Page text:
Picks and Pans Review: In Our Time: the World as Seen by Magnum Photographers
updated 11/13/1989 AT 01:00 AM EST
•originally published 11/13/1989 AT 01:00 AM EST
Magnum Photo Inc. is a collective that was founded in 1947 by seven people—Henri Cartier-Bresson, Robert Capa, Maria Eisner, Chim (David Seymour), George Rodger and William and Rita Vandivert. They were seeking greater independence, intellectual as well as financial, for photo-journalists. This extraordinary collection of photographs taken by members of the collective is the catalog of an exhibition that will tour in 1989-90. But the quality of its reproduction and design make it far more than merely a catalog.
Including the work of such photographers as Elliott Erwitt, Eve Arnold and W.Eugene Smith in addition to Magnum's celebrated founders, the book is a graphic history of the last 40 years. In their vitality and compassion, most of the pictures fulfill Cartier-Bresson's prescription: "There are those who take photographs arranged beforehand and those who go out to discover the image and seize it. One must always take photographs with the greatest respect for the subject and for oneself."
There is little whimsy, and when there is, it rarely seems to fit. What we see is page after page of violence, poverty, catastrophe, pain—Rodger's concentration camps (1945), Eugene Richard's crack dens (1988), Leonard Freed's civil rights movement (1963), Eilles Peress's Northern Ireland (1976). David Hurn's lovely photo of junior ballroom dancers in Wales scarcely changes the pace, followed as it is by Martine Franck's anniversary of the World War I armistice (France, 1977) and W.Eugene Smith's relief workers awaiting Andrea Doria survivors in 1956.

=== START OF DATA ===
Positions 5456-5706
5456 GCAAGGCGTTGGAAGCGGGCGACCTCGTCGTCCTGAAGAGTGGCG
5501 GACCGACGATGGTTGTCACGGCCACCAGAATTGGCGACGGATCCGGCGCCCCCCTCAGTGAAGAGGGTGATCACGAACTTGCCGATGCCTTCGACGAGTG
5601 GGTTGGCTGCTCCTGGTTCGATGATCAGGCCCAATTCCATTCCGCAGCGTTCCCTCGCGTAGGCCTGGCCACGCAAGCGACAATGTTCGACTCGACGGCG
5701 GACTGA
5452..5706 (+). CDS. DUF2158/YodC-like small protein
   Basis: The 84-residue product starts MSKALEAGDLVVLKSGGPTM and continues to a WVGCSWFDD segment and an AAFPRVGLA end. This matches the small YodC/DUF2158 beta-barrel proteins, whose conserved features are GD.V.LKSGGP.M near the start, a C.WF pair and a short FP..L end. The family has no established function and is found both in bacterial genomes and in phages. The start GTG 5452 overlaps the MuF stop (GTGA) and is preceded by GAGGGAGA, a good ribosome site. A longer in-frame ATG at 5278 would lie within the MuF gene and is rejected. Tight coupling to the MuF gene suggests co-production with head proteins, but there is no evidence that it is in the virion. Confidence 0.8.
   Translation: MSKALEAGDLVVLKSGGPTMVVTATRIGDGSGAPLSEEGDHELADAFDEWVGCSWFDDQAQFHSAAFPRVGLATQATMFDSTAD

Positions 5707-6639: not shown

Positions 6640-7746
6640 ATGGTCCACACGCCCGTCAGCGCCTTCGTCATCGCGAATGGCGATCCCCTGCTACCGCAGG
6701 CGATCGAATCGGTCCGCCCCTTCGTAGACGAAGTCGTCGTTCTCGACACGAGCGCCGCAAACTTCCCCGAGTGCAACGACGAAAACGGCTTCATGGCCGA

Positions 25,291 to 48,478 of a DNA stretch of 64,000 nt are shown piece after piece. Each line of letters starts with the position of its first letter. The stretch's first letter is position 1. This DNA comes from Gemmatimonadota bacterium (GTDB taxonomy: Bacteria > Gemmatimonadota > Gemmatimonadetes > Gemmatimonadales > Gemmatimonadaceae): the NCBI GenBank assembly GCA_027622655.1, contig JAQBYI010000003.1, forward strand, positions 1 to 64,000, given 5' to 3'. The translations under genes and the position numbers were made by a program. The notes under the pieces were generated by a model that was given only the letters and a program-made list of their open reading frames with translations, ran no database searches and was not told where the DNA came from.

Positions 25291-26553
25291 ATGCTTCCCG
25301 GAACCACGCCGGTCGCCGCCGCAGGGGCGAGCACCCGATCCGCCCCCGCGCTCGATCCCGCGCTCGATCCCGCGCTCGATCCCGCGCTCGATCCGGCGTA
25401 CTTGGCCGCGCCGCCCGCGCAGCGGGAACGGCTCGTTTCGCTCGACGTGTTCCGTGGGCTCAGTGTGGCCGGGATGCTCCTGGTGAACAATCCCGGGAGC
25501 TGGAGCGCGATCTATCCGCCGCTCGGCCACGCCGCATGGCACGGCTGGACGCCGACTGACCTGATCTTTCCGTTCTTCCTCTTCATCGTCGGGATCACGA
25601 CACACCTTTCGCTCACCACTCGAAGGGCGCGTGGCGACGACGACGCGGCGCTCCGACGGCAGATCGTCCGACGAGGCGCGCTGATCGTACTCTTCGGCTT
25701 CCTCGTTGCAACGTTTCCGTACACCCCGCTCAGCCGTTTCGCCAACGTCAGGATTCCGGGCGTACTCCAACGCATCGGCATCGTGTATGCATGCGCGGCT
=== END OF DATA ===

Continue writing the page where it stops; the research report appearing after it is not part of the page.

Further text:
The color photographs seem almost to be from a medium other than the black-and-white shots that dominate the book's early pages. Indeed, Susan Meiselas's color work in Nicaragua in the late '70s was criticized for "prettifying" events some critics thought should have been treated in the more sober black-and-white tradition. Today, however, black-and-white photo-journalists seem an endangered species. Such Magnum photographers as James Nachtwey, Alex Webb and Meiselas photograph the battlefields and mayhem of the world in living color.
In the book's text, Manchester's analysis of photography's place in history is often long-winded. Essays by French historian Jean LaCouture and Fred Ritchin, one of the exhibit's curators, are more entertaining, with forthright and lively behind-the-scenes stories about such things as how Capabet on horses with Magnum money. Photo historian Robert Delpire, largely responsible for winnowing the millions of pictures in Magnum's files down to the 400 that appear in the book, admirably handled the protean task. Many of the photographs, of course, are only parts of bigger projects; Bruce Davidson's classic book East 100th Street (1970), for instance, is represented by just four pictures.
If In Our Time inevitably captures only the highlights, though, it is an invaluable, often moving book. It is a tribute to the passions and talents of many of the pioneers of photojournalism, shaped with rare understanding. (The American Federation of Arts/Norton, $59.95)